- Reason: Filling polygons with varying colors based on time (t) allows for continuous color transitions, adding more complexity to the animation.
- Implementation:

fill(xp, yp, c, 'EdgeColor', 'none');

- Benefit: Combining both color changes and shape changes enhances the visual impact.

5. Consistent Use of hold on and hold off:

- Technique: hold on allows multiple graphic objects to be drawn on the same axes without clearing previous objects.
- Reason: This is crucial for drawing multiple elements (like polygons, circles, and lines) on the same figure.
- Benefit: It helps manage and layer different graphical elements effectively within the same frame.

6. Use of rectangle for a Smooth Ball Motion:

- Technique: The ball's motion is defined by rectangle with a Curvature of [1, 1] to make it circular.
- Reason: Using the rectangle function simplifies the process of drawing a filled circle, and controlling its position and size is intuitive.
- Benefit: It provides a straightforward way to animate circular objects within the plot.

7. Animating the Connection Line:

- Technique: A white dashed line (w--) is drawn between the polygon and the moving ball to show a connection between these objects.
- Reason: This adds interactivity to the scene, as it gives the impression that the polygon and the ball are related or connected in some way.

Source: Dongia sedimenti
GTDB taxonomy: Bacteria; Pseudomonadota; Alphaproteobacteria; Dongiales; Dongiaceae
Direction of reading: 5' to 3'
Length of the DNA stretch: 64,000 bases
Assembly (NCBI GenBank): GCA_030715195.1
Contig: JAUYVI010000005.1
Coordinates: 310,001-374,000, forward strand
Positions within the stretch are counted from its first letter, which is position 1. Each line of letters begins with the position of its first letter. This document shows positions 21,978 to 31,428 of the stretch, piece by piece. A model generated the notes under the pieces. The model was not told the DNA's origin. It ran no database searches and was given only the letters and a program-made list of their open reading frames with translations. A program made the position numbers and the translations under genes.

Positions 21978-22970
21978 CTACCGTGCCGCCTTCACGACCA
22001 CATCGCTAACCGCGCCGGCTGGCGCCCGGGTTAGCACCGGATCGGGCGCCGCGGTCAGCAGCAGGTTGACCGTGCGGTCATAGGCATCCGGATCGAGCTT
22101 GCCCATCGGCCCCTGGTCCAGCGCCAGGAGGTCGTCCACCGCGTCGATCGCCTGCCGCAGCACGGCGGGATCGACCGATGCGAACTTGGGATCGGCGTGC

- Implementation:

plot([x bx], [y by], 'w--', 'LineWidth', 2);

- Benefit: A dynamic element that adds depth and narrative to the animation, guiding the viewer’s attention.

8. Frame Synchronization with Time (f and t):

- Technique: The variable f is used as a frame number, while t = f / 24 creates a link between frame and time.
- Reason: Ensuring smooth and continuous transitions in the animation over time is critical, so f acts as the control for time-based changes in shape, color, and position.
- Benefit: This makes it easy to manage frame rates and time-based updates for the animation.

syms u v

atan2alt(v,u)

function Z = atan2alt(V,U)

% extension of atan2(V,U) into the complex plane

Z = -1i*log((U+1i*V)./sqrt(U.^2+V.^2));

% check for purely real input. if so, zero out the imaginary part.

realInputs = (imag(U) == 0) & (imag(V) == 0);

Z(realInputs) = real(Z(realInputs));

end

As I am editing this post, I see the expected symbolic display in the nice form as have grown to love. However, when I save the post, it does not display. (In fact, it shows up here in the discussions post.) This seems to be a new problem, as I have not seen that failure mode in the past.

You can see the problem in this Answer forum response of mine, where it did fail.

After reading Rik's comment I looked for a list of Matlab releases and their corresponding features. Wiki: Matlab contains an exhaustive list, but what about having a lean version directly in the forum?

If this is useful, feel free to expand the list and to insert additions. Thank you.

What is the side-effect of counting the number of Deep Learning Toolbox™ updates in the last 5 years? The industry has slowly stabilised and matured, so updates have slowed down in the last 1 year, and there has been no exponential growth.Is it correct to assume that? Let's see what you think!

releaseNumNames = "R"+string(2019:2024)+["a";"b"];

releaseNumNames = releaseNumNames(:);

numReleaseNotes = [10,14,27,39,38,43,53,52,55,57,46,46];

exampleNums = [nan,nan,nan,nan,nan,nan,40,24,22,31,24,38];

bar(releaseNumNames,[numReleaseNotes;exampleNums]')

legend(["#release notes","#new/update examples"],Location="northwest")

title("Number of Deep Learning Toolbox™ update items in the last 5 years")

ylabel("#release notes")